Thierry Henry handball: France vs Ireland World Cup 2010 play-off controversy explained

Thierry Henry handball France vs Ireland 2009 World Cup play-offGetty/GOAL composite

Ahead of the Euro 2024 qualifier between the Republic of Ireland and France in March 2023, Irish head coach Stephen Kenny revealed that his players had watched a number of historical meetings between the teams, including the infamous Thierry Henry handball incident.

While time may heal old wounds, moments such as Henry's handball nonetheless linger as scars on the psyche of Irish football, indelibly etched in the memory, much like Diego Maradona's infamous 'Hand of God' for England.

It happened over a decade ago in the pre-VAR age of football, but it remains fresh in the minds of some players who mourn what might have been and the fans who haven't found the capacity to forgive the French superstar. So what exactly was the Henry handball incident, when did it happen and what was the reaction? GOAL brings you all the details.

When was the Thierry Henry handball incident?

Date:November 18, 2009
Game:France 1-1 Ireland (2-1 agg)
Venue:Stade de France, Saint-Denis
Competition:World Cup 2010 play-off

The Henry handball incident happened during the second leg of the 2010 World Cup play-off between France and Ireland on November 18, 2009. Ireland were trailing in the tie, having lost 1-0 at home a four days earlier, and needed a victory or better result than France in the game to qualify for the World Cup.

Thierry Henry handball - what exactly happened?

A goal from Robbie Keane put Ireland 1-0 up in the second leg and forced the game into extra time. However, in the first half of the additional period, in the 103rd minute, a split-second hand-movement from Henry altered the course of the tie.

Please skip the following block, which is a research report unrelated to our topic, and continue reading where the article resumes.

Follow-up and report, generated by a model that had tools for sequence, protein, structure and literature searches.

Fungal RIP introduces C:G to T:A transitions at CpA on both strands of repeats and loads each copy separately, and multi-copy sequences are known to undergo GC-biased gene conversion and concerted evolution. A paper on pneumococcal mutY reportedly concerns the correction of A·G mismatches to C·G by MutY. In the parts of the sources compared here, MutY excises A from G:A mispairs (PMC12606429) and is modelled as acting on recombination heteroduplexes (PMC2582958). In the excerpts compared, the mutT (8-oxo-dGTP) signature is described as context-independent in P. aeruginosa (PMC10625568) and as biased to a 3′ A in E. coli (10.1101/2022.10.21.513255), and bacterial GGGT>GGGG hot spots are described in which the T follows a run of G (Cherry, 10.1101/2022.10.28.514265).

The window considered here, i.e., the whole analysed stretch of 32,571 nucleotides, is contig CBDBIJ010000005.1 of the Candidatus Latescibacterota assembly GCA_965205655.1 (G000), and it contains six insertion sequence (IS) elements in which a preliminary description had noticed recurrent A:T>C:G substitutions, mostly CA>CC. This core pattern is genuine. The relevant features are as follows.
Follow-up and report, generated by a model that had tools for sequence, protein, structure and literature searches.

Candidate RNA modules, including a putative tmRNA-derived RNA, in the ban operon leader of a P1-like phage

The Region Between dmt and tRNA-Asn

Florent Malouda's lofted free kick eluded everyone in the Irish box and bounced in front of Henry, who had managed to escape the attention of Paul McShane at the back post.

The pace of the ball and angle of the bounce made it difficult to control, but Henry stuck his hand out to prevent it from going out of play. He handled the ball twice to bring it back into his path and subsequently crossed it to William Gallas, who diverted it into the Irish net.

The Irish players reacted immediately to plead with the officials for a handball decision, with Shay Given, Paul McShane and Kevin Kilbane, who were closest to the incident, furiously remonstrating with referee Martin Hansson. Henry, meanwhile, wheeled away in elation, celebrating the goal on his own before joining his team-mates.

Ireland were unable to score in the remaining extra time and France thus won the tie 2-1 on aggregate, booking their place at the 2010 World Cup in the process.

What was the reaction to the Thierry Henry handball?

Understandably, the impact of Henry's handball was most keenly felt in Ireland. The Football Association of Ireland (FAI) and a number of players were incensed, believing that the only way to correct the injustice was to re-play the game. The handball even drew commentary from Irish politicians, with Brian Cowen, who was then leader of the country, among those calling for a replay.

When it became clear that a replay would not be granted by FIFA, the FAI continued to make appeals to the world governing body. However, then-FIFA president Sepp Blatter provoked the ire of Irish officials when he disclosed that they had asked to be granted a place at the World Cup as the 33rd team.

"They have not asked for any sanctions to be given to any player or the referee, but they have asked, very humbly 'Can't we be team number 33 at the World Cup?' They have asked for that, really," Blatter revealed to a bemused audience at Soccerex. "I will bring it to the attention of the executive committee but if we do that, we will also have to bring in Costa Rica."